Both pictures taken from the official site of the Eiffel Tower This is very very similar to the Eiffel Tower we can see today but it didn't look that way in 1889!

In fact, as you can see in the comparison between the two versions of Eiffel Tower, until 1949 or something like that, it was pretty different at top.

Seems it was a fire the cause of the change in aspect.

(Article written by Andrei. Really thanks!)


Punched cards:

In the first episode, after the chase, the Gretan changes to "aerial mode". Probably you noticed how Hanson uses a card with holes punched in it to transform the Gratan. Well, that kind of card exists and it's called..."punched card" (whow, the inventor put all his imagination on this name! J) and it was used in the past for communicating with early models of computers. A hole or the lack of a hole in a card represented information that could be read by these early computers.
In this case, communicating means retrieving a result from the machine or giving a command. Which I think this is the case here. Hanson is giving a command to a somewhat primitive on-board computer, but a computer nonetheless.......

The punched card actually predated computers considerably, originating in 1801 as a control device for mechanical looms.

(Article written by Andrei. Really thanks!)


Jean's circus vehicle (the moto-wheel) - part 2
(the first part is

I found a lot more on the moto-wheel. Kerry McLean is one of our contemporaries passionate about this type of vehicle. But guess what? They existed since 1884 and the first monowheel with an engine dates from 1904. There's an entire page about this topic and it's useless to write something here. Interested on this? Get a look here

(Article written by Andrei. Really thanks!)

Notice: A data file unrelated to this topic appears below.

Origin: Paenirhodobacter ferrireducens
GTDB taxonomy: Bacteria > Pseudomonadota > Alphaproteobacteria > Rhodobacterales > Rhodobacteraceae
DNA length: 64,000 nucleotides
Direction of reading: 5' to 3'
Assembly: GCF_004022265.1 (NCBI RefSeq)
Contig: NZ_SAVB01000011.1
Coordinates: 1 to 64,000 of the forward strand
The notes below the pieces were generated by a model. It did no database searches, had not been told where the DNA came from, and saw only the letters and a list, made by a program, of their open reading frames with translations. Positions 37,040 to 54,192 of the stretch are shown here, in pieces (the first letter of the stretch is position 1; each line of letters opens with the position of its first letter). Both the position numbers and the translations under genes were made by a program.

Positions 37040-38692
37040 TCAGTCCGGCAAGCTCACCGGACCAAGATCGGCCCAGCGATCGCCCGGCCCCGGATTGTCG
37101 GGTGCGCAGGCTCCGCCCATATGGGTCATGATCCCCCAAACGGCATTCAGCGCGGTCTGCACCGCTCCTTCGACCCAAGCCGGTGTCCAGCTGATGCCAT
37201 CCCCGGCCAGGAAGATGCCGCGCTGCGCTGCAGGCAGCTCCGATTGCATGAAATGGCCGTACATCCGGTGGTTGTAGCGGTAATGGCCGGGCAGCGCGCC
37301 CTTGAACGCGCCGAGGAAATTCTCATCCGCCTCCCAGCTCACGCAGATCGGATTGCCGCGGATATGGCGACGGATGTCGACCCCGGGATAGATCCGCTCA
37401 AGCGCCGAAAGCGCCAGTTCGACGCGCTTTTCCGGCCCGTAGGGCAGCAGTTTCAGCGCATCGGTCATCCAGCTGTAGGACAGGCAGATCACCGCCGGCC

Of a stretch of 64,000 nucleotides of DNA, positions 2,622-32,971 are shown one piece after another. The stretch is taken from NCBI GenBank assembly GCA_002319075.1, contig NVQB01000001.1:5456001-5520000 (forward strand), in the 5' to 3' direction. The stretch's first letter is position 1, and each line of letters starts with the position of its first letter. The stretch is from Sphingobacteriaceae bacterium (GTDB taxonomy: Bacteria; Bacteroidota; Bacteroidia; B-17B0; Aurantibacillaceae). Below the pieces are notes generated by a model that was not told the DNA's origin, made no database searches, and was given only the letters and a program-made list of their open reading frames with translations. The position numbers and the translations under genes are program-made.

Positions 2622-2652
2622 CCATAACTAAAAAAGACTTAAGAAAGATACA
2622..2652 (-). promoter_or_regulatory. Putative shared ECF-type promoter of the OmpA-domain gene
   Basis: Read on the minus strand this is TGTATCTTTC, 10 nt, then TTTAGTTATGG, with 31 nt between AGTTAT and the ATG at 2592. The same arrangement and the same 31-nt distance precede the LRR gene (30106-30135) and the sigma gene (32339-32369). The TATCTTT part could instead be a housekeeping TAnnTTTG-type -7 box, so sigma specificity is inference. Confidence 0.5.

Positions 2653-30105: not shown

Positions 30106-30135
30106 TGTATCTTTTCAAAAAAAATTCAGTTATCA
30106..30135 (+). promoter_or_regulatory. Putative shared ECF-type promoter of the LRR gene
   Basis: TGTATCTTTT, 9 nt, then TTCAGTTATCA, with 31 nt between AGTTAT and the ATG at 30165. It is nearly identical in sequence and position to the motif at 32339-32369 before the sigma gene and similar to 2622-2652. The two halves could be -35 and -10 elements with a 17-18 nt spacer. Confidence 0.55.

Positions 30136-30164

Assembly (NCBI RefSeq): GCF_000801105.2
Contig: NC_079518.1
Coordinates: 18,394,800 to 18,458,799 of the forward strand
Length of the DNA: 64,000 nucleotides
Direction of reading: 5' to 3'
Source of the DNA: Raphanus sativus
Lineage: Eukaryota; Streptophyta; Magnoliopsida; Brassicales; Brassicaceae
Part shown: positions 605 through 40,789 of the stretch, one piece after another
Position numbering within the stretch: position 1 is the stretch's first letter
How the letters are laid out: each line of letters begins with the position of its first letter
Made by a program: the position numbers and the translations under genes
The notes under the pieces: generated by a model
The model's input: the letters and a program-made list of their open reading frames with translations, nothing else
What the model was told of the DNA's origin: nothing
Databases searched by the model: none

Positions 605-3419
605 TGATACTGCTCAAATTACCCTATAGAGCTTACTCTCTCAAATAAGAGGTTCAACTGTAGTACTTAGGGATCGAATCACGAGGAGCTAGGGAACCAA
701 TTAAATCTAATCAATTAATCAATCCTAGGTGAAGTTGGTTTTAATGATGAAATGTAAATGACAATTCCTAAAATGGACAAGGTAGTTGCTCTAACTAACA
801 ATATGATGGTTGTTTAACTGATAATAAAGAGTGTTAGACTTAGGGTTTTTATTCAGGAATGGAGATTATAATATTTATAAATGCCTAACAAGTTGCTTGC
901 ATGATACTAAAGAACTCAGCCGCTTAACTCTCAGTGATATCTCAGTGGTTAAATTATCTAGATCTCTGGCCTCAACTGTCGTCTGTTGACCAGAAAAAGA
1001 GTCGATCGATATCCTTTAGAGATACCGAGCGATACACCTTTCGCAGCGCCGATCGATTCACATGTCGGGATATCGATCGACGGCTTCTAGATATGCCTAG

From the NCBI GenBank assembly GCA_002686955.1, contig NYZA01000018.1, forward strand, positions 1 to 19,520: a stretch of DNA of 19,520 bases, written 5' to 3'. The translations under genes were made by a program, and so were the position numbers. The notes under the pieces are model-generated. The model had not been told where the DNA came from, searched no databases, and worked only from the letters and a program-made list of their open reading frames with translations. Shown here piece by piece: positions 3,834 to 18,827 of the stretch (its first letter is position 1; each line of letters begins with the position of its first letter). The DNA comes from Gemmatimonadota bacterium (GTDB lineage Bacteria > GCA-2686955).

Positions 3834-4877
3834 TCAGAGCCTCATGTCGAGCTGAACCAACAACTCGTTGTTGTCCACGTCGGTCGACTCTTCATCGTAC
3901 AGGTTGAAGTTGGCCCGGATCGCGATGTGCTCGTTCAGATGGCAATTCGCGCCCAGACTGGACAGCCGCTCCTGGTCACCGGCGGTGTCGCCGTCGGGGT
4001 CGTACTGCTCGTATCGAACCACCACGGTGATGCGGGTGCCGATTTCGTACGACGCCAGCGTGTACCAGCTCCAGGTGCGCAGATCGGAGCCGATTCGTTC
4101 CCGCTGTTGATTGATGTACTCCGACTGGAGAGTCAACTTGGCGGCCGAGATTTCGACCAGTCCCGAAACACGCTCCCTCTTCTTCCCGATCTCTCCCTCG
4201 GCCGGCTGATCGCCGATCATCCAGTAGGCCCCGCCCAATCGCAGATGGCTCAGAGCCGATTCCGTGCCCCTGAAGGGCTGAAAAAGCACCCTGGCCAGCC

The real Nautilus:

Robert Fulton Of course it existed. Well, at least out of Jules Verne's imagination...In fact, though the Nautilus in "Nadia" has been inspired by Verne's books, a few submarines with the same name can be found in not just one but three! It all started in 1800 in France when Robert Fulton built the first submersible craft, commissioned by Napoleon. Testing of this craft, the Nautilus, was successfully carried out in France in 1800-1801, when Fulton and three mechanics descended to a depth of 25 feet. Further tests in Britain, proved successful in destroying heavy brigs in 1805. Jules Verne named his submarine Nautilus after Robert Fulton's Nautilus...curious, isn't it?
The second Nautilus was built in 1886 (pretty close to 1889, uh?) by Andrew Campbell and James Ash. This ship was driven by electric motors powered by a storage battery. The second Nautilus augured the development of the submarine powered by internal-combustion engines on the surface and by electric-battery power when submerged. The last but the most important ship that bears the name Nautilus is USS Nautilus, the first nuclear-powered ship in history. 1958, U.S. Navy Photo
1958, U.S. Navy Photo The name Nautilus was chosen for the U.S. Navy vessel SSN-571 launched Jan. 21,1954, as the first submarine capable of prolonged, instead of temporary, submersion. Powered by propulsion turbines that were driven by steam produced by a nuclear reactor, the Nautilus was capable of traveling submerged at speeds in excess of 20 knots and furthermore could maintain such a speed almost indefinitely. Much larger than the diesel-electric submarines used during World War II, the Nautilus was 319 feet (97 m) long and displaced 3,180 tons. USS Nautilus is arguably the most famous submarine in the world. It was first in many respects, including being the first nuclear submarine, first submarine to navigate under the North Pole, as well as setting many endurance records for submerged operations. The Nautilus set many standards for future nuclear submarines, including extensive protection against possible radiation contamination and auxiliary diesel-electric power. The vessel was decommissioned in 1980 and went on exhibit, beginning in 1985, at the U.S.S. Nautilus Memorial and Submarine Force Museum in New London, Connecticut, USA..

(part of the text above has been taken from -and it's copyrighted by- the Encyclopedia Britannica. Really thanks to Andrei!
More sources:
here, here, here, here and... the Encyclopedia Britannica J)